While early Zionists saw Palestine as “ a land without people for a people without land,” there were some 700,000 people living in the area at that time, most of them Arab.
However, Jewish immigration—bearing great intention and aspirations—had begun. Within a few generations, it would transform this neglected, relatively barren territory into a lush cornucopia of food and forests with a majority Jewish population.
Fast-forward to the fruitful land I witnessed in northern Israel last week. What happened in the 100 years between 1920 and 2020?
Wisely, the Zionists focused on agriculture to support Israel’s growing population of both Jews and Arabs. The new immigrants purchased land that was largely semi-arid, much of which had become untillable due to deforestation, soil erosion and neglect. These pioneers cleared rocky fields, built terraces, drained swamps, planted trees, fought soil erosion and desalinated salty land.
Today, Israel is a major exporter of fresh produce and a world leader in agricultural technologies, notwithstanding the reality that Israel’s geography is not naturally hospitable to agriculture. More than half of Israel’s land area is desert, and its climate and dearth of water resources discourage farming.
Imagine: Only 20 percent of Israel’s land area is naturally arable. Yet Israel now produces some 95 percent of its own food requirements.
Much of this success, of course, is owed to Israel’s phenomenal, groundbreaking inventions in agricultural and food technology—starting with drip irrigation and water desalination. Israeli dairy cows are the most productive on the planet.
Even more astounding: Since Israel attained independence in 1948, the total area under cultivation has skyrocketed by a factor of 2.6 to approximately 1.1 million acres. In just the past 50 years, agricultural settlements have grown from 400 to 750. Agricultural production has expanded by a factor of 16—300 percent greater than Israel’s population growth.
Wine also represents a thriving, expanding agricultural enterprise in Israel. Today, in a territory only one-thirteenth the size of New Zealand, just about the size of New Jersey, Israel supports some 320 wineries. (Trust my personal research: The output of these vines is uniformly excellent.)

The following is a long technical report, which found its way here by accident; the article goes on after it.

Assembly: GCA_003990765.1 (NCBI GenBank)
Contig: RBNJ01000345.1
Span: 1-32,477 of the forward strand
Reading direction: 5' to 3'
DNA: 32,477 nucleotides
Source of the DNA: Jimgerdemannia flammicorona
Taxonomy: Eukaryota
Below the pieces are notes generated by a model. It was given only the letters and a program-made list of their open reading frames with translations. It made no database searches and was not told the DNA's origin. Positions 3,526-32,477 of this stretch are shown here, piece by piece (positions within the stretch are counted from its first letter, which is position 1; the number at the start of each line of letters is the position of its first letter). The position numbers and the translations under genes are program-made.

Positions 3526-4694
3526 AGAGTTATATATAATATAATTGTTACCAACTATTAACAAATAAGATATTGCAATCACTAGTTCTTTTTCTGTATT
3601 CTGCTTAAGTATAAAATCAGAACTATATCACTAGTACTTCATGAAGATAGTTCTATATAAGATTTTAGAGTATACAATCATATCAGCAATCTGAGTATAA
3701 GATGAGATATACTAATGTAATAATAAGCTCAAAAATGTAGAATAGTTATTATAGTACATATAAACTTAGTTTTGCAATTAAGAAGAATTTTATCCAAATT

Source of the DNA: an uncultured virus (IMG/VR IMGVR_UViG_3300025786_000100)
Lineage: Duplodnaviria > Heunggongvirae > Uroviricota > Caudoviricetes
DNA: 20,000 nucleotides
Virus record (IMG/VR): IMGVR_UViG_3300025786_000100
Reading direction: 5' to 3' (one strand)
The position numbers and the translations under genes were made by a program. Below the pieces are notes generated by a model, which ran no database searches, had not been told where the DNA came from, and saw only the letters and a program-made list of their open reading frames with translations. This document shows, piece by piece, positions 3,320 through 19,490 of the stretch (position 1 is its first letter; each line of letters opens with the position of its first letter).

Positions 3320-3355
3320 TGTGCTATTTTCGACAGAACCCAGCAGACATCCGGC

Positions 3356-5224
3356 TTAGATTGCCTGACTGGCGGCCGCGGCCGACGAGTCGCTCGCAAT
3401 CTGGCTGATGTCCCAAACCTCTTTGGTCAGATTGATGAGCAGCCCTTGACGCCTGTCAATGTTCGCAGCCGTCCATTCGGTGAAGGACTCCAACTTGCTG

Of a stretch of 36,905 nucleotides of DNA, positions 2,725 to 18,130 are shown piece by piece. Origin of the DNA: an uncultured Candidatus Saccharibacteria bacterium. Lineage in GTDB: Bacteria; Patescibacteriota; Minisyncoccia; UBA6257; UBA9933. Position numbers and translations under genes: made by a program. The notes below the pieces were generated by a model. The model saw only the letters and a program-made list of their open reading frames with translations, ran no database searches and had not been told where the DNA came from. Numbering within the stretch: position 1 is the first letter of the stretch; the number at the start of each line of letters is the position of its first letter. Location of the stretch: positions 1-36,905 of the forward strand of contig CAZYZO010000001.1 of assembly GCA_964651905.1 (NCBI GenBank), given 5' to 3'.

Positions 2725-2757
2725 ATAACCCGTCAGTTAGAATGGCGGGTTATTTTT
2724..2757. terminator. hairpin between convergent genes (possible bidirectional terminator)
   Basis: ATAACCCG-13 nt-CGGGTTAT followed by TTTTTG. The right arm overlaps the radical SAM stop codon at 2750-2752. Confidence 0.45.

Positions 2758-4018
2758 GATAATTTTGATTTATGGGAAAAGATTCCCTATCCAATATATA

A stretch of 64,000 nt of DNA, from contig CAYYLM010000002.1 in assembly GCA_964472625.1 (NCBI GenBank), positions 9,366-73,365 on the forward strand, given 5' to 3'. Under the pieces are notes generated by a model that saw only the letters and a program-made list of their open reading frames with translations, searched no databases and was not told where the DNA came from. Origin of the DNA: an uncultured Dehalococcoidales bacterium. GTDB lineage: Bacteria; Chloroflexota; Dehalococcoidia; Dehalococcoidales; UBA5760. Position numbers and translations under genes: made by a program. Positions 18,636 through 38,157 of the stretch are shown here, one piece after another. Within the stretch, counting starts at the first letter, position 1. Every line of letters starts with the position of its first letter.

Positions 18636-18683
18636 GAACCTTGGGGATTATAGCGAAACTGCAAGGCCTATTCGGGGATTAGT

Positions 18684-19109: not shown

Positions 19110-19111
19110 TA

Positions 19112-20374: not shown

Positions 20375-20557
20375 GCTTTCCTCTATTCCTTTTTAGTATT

As for Israel’s abundant forests, we can thank millions of North American and Israeli donors to the Jewish National Fund and its parent, Keren Kayemet LeIsrael, which over the years have planted more than 240 million trees in Israel. This effort alone has transformed the Land of Israel—providing groves, woods and forests of conifer, deciduous and fruit trees all over the country.
In short, the Israeli miracle is far greater than the unsurpassed achievement of creating one of the world’s most successful and powerful nations—made up of millions of Jewish refugees from all over the globe, most returning to their homeland in just 150 years. It’s more, too, than reviving and reinventing the Hebrew language after 3,000 years.
Israel is also the miracle of restoring a depleted, deteriorating land through determination, ingenuity and back-breaking work.
While some resent Israel’s revitalization of its indigenous national territory, Israel has, in effect, rescued the land of Palestine. Beautiful, thriving Israel today supports some 9 million Arabs and Jews—almost 13 times more people than in 1900, all enjoying one of the world’s highest standards of living … and the best food in the Middle East.
James Sinkinson is president of Facts and Logic About the Middle East (FLAME), which publishes educational messages to correct lies and misperceptions about Israel and its relationship to the United States.